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Cleveland Cavs' Slow Start Simply a Hiccup...Isn't It?

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Cleveland Cavs' Slow Start Simply a Hiccup...Isn't It?
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As a close friend of mine told me last night, "I just want to see a Cleveland team win one game already."

The Cleveland Cavaliers, last season's No. 1 seed in the NBA's Eastern Conference and the team with the best overall record in the league, are only two games into their 2009-'10 campaign.

Coming into this year, expectations in the city on the lake couldn't have been any bigger after a heart-squelching loss to the Orlando Magic in last season's Eastern Conference Semifinals and the acquisition of future Hall-of-Fame center, Shaquille O'Neal.

In fact, this writer proudly proclaimed back in August that the Cavs were the favorites to win it all in '09-'10.

After massive build-up and anticipation, the long-awaited night finally came: Oct. 27—the coronation of the new dominant force in the NBA.

It was inevitable that the Cavs and their "improved" roster would ride the momentum from their raucous sellout crowd of seething, rabid Clevelanders and run the hated Celtics out of the building. Right?

LeBron, Shaq, and company came out with guns ablaze to the tune of a 14-point first quarter lead.

The rest of the game (for Cavs fans, at least) was forgettable at best.

Boston out-executed, out-hustled, and out-played Cleveland en route to a 95-89 spoiling of the Cavs' would-be coming out party.

No big deal. Next up on Cleveland's slate were the Toronto Raptors. This matchup had to bring the Cavs their first win (probably in dominant fashion), didn't it?

Wrong again.

The Cleveland offense suffered from the same disease with which it was afflicted last season: LeBron James receiving possession with 15 seconds left on the shot clock and seeing his four floormates do their best impression of a terrified Sam Neill in Jurassic Park ("He can't see us if we don't move..."). To their credit, the Cavs were playing a team nicknamed the Raptors.

It also didn't help that the Cavs simply could not buy a field goal last night. Wide open looks, the majority of which were converted last season, clanged off the iron.

Players like the newly-acquired Anthony Parker didn't help Cleveland's shooting woes, as the Cavs time and time again resorted to contested jumpers and fade aways.

Could these offensive lapses be the result of former long-tenured offensive assistant John Kuester's departure to the head coaching gig in Detroit? Will they continue? Will they get even worse? Time will certainly tell.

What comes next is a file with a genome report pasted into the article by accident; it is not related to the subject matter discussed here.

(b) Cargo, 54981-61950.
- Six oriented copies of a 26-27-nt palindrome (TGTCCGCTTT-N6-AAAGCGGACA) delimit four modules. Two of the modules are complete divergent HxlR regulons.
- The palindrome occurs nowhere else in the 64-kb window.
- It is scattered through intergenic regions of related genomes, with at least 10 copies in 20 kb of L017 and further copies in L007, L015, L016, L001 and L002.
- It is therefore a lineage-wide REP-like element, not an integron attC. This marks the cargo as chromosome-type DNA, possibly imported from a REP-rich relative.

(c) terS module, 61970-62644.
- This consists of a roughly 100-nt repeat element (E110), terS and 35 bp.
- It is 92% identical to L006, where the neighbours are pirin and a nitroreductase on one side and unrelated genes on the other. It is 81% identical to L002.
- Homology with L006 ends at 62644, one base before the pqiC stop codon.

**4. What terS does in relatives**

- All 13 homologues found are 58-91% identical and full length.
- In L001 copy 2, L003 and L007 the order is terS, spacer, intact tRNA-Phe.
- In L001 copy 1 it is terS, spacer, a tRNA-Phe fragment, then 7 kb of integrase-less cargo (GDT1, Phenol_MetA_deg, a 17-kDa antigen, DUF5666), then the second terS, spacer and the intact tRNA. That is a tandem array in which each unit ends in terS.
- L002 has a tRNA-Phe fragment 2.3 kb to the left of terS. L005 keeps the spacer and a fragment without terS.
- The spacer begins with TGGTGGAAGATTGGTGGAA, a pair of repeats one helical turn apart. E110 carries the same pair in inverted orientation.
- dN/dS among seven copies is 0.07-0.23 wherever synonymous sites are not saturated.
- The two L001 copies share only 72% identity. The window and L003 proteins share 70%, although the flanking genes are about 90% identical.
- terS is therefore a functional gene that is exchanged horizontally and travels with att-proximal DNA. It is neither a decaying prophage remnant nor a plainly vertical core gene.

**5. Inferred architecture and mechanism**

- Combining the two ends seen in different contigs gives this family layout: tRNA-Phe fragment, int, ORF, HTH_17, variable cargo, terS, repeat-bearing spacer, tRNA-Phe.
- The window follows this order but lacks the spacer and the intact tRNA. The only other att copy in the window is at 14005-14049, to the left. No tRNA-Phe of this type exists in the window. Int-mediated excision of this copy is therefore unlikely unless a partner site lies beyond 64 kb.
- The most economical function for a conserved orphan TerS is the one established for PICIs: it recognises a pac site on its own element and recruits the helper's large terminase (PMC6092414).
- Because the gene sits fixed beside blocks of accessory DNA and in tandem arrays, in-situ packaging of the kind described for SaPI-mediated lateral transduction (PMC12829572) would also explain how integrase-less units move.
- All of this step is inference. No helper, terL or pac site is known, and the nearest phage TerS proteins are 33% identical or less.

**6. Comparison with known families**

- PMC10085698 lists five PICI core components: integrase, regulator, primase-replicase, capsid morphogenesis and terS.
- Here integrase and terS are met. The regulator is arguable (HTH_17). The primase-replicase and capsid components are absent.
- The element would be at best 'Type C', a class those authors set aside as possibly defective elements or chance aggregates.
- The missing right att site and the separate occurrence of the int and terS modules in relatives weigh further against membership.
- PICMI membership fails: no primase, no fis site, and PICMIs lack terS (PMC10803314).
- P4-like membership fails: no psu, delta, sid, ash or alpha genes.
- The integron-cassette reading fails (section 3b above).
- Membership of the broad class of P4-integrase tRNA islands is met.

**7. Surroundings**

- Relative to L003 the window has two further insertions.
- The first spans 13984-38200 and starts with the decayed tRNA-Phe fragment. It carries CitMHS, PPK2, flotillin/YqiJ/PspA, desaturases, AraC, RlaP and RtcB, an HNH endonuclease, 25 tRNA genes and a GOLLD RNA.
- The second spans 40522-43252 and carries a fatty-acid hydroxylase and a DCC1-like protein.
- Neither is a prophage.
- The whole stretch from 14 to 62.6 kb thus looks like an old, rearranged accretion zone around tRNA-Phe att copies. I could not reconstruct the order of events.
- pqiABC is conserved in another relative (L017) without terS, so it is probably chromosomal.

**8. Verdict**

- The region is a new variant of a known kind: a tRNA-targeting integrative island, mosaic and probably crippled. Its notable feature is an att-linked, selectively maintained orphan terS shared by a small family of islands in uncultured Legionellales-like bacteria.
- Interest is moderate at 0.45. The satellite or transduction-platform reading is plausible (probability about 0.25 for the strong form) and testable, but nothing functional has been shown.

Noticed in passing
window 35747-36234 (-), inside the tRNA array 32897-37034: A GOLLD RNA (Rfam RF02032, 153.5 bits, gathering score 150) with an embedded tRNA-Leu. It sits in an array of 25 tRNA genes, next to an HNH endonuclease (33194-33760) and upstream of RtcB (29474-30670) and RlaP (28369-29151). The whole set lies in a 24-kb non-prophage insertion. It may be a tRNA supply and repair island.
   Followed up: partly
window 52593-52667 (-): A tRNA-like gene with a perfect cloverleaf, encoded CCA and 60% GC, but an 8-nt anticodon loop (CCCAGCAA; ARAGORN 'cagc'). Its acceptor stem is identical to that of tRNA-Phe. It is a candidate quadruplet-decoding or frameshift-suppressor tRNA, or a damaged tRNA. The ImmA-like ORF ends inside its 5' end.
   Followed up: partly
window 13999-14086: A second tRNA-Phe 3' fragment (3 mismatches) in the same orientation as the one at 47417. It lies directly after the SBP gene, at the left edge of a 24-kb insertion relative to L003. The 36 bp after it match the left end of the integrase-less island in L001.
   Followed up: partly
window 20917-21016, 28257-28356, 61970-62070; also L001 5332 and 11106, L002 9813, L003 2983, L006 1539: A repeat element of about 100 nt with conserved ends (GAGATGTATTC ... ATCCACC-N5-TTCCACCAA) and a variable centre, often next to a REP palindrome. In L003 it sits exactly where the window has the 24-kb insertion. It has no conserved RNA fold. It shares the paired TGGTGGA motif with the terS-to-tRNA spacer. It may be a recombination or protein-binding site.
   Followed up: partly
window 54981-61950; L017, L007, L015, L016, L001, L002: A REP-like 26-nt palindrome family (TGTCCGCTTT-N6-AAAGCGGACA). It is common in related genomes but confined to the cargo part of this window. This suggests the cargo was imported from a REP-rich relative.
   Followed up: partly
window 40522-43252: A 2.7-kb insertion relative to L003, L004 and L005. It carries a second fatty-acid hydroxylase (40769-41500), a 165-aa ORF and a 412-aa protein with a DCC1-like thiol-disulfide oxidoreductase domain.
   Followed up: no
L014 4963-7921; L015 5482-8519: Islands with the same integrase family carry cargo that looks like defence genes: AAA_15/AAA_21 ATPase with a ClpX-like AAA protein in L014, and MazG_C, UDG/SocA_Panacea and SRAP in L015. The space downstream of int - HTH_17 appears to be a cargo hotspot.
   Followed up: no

Defensively, the sophisticated, suffocating defensive schemes seen by Cleveland last year were nowhere to be found.

The nasty, gritty, stalwart defense that the Cavs made their hallmark in '08-'09 was replaced with a confused, lackluster version.

Raptor pick-and-rolls were defended by nobody and Toronto's star big men, Andrea Bargnani and Chris Bosh, found points and rebounds plentiful.

In these first two regular season contests, what's been seen (for the most part) is not a lack of execution, but a lack of team chemistry, trust, and sometimes structured play calling.

Will these problems be short-term ones that fade after a few games? Probably. Remember, the Cavs began last season with a record of 1-2 (losing to Boston on opening night as well).

Also, Cleveland has yet to see any playing time from guard Delonte West, who was a huge cog in the Cavs' wheel last year and was arguably the second-best Cavalier performer in the postseason. His return should bring with it better team basketball.

Everyone from the media to the fans to the players still remains confident in a very successful season and a long playoff run.

But for those of us unfortunate enough to have been regularly subjected to the torturous side shows that are the Cleveland Indians and Cleveland Browns, these chinks in the Cavs' immaculate armor are enough to incite hysteria.

The Cavaliers are this city's only (and I mean only) legitimate hope at the championship oasis that has become so tantalizingly close several times, but has never been realized.

The Cavs' next two games (at Minnesota and home against Charlotte) should help settle them back into their winning routine. And in a deeper, more competitive Eastern Conference, one win is crucial.

One win is a tiny moral victory for the die-hard, success-starved people of northeast Ohio.

One win is something we in Cleveland haven't seen in quite a while.

Hopefully—for the sake of both my friend and the city—one win is coming sooner rather than later.

 

 

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